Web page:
and the conduit replaced by a bronze pipe cut through the wall at the level of the interior floor (see photo). The flow was regulated by a massive bronze stopcock (precisely
measuring 1 Roman foot in length) after which the water was brought into a (pressurized) lead pipe (outside diameter 0,05 m) laid in the conduit channel, in the direction
of the small bath building (2nd c AD), 100 m S of the reservoir. Still later, the lead piping was roughly replaced, the valve plugged with mortar and the reservoir
by-passed by a terracotta pipeline (diameter 0,082 m).
Apart from the reservoirs, there were 11 (private ?) cisterns inside the settlement and 51 more in the surroundings. The houses seemed to have been laid out around
two larger ones, identical in design and built at right angles to each other, with capacities of 445 and 487 m3, both roofed with flat stone slabs carried by 16 transverse arches,
20 m apart en 50 m W of a funnel-shaped depression that allow them to harvest the water run-off of the large, gently-sloping fields that spread out over approximately
100 ha N of Auara.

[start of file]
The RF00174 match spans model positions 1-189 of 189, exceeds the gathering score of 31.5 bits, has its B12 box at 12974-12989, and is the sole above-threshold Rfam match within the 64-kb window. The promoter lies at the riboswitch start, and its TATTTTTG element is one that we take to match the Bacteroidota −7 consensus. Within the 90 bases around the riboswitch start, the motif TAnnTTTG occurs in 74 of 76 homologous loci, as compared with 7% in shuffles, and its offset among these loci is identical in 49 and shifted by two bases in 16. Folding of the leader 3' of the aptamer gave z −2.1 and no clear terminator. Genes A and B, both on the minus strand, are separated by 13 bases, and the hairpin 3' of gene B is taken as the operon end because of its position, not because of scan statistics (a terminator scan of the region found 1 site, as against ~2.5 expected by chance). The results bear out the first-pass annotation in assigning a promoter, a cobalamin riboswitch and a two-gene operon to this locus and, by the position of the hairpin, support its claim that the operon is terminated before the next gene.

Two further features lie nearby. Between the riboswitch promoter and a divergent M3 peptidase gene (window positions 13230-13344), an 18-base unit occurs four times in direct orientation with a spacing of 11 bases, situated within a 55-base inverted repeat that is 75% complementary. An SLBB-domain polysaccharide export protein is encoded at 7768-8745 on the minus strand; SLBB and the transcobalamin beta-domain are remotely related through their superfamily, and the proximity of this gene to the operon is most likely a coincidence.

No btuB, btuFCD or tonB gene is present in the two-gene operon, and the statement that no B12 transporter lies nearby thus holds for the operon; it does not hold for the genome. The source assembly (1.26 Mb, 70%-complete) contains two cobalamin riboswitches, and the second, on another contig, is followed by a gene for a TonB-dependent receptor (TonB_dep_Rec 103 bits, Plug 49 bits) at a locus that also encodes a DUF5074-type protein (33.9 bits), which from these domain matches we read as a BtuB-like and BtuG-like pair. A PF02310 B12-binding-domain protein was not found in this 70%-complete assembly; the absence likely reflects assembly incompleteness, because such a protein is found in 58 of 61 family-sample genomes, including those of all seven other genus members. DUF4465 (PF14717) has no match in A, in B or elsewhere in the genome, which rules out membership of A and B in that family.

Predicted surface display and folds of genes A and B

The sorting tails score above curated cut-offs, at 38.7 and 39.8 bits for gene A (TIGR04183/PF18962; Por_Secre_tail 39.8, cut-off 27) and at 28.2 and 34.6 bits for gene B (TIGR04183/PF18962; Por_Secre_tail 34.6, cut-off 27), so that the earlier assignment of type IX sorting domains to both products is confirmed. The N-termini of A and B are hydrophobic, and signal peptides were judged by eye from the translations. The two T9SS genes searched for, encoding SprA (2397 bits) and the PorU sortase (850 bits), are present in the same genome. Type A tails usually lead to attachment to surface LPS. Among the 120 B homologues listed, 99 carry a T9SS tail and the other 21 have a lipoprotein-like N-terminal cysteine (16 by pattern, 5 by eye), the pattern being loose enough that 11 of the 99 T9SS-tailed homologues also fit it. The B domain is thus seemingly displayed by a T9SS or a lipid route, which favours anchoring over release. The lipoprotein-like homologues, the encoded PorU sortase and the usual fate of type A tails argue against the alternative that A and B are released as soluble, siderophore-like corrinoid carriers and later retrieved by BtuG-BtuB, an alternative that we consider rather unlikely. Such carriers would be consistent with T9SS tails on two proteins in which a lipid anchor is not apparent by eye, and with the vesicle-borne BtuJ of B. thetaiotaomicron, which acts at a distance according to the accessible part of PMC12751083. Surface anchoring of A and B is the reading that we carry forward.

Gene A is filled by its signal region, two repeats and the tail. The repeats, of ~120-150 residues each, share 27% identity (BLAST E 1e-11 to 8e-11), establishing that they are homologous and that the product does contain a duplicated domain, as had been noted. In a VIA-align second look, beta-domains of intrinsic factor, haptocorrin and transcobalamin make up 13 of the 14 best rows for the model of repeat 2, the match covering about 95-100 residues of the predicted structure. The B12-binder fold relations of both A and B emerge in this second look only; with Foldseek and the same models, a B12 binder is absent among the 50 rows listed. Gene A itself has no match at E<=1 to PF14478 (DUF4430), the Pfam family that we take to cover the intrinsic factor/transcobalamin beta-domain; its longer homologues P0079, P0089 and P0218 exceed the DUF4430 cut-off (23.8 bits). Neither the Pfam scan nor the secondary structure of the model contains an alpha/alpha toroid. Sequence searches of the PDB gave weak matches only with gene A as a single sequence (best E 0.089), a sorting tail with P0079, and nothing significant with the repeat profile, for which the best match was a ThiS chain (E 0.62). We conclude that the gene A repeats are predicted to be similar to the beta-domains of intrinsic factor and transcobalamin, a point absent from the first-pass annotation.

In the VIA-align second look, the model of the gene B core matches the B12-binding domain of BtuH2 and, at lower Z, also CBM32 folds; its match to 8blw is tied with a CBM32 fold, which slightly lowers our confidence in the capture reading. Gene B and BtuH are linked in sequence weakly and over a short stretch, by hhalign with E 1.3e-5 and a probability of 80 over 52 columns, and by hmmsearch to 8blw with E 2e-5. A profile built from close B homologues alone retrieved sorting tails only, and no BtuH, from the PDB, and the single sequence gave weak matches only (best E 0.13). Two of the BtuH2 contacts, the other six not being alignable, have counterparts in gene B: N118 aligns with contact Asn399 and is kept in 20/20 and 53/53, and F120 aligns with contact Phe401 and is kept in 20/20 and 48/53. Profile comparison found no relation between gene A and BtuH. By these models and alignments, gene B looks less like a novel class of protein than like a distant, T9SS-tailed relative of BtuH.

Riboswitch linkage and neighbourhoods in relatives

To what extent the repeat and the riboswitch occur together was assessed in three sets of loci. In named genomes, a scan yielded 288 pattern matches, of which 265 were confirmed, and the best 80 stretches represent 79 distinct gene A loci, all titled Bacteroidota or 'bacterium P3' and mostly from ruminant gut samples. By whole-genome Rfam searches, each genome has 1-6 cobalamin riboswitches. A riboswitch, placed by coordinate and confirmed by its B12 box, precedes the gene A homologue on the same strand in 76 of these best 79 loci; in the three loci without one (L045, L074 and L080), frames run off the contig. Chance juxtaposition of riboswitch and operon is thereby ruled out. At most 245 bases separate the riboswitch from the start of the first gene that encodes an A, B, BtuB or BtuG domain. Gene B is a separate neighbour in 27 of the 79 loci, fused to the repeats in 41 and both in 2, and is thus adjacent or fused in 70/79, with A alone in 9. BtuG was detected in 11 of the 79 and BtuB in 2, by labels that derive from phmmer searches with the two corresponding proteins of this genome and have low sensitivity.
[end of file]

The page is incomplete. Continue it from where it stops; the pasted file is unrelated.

One cistern (67) was filled by a 25 m long intake channel, which was rebuilt in the 1960's including a settling tank. The other cistern (68) is still in condition and was also
refurbished with an intake channel and a deep settling tank (3,18 x 2,58 m; 1,6 m below the floor of the intake). Oleson suggest that a municipal authority built them, for public use. The other ones - mostly of circular shape - had a capacity less than 200 m3 each, were for private use and built by individual families, according to Oleson.
The cisterns with their dependable water supply would have attracted some permanent inhabitants, while the fresher but also more vulnerable supply of aqueduct water
might have been intended to service both caravans using the Nabataean north/south road and nomadic or semi-sedentarized Bedouins drawn to the site for occasional
trade or seasonal agriculture.
(mainly based on numerous reports of prof. J.P. Oleson)
Humeima - AUARA
||0,12 m x 0,14 m
||1 c AD
- Nabataean origine
- 6 settling tanks in a tributary conduit
- max fall 45%
- two major basis: one Nabataean, one Roman
|Recommended literature :
||see website of prof.dr. J.P. Oleson.
|Recommended website :
||Non. About Nabataean water supply and concrete see separate website
|How to visit :
||Difficult to reach. Fourwheel-drive and GPS necessary. At own risk.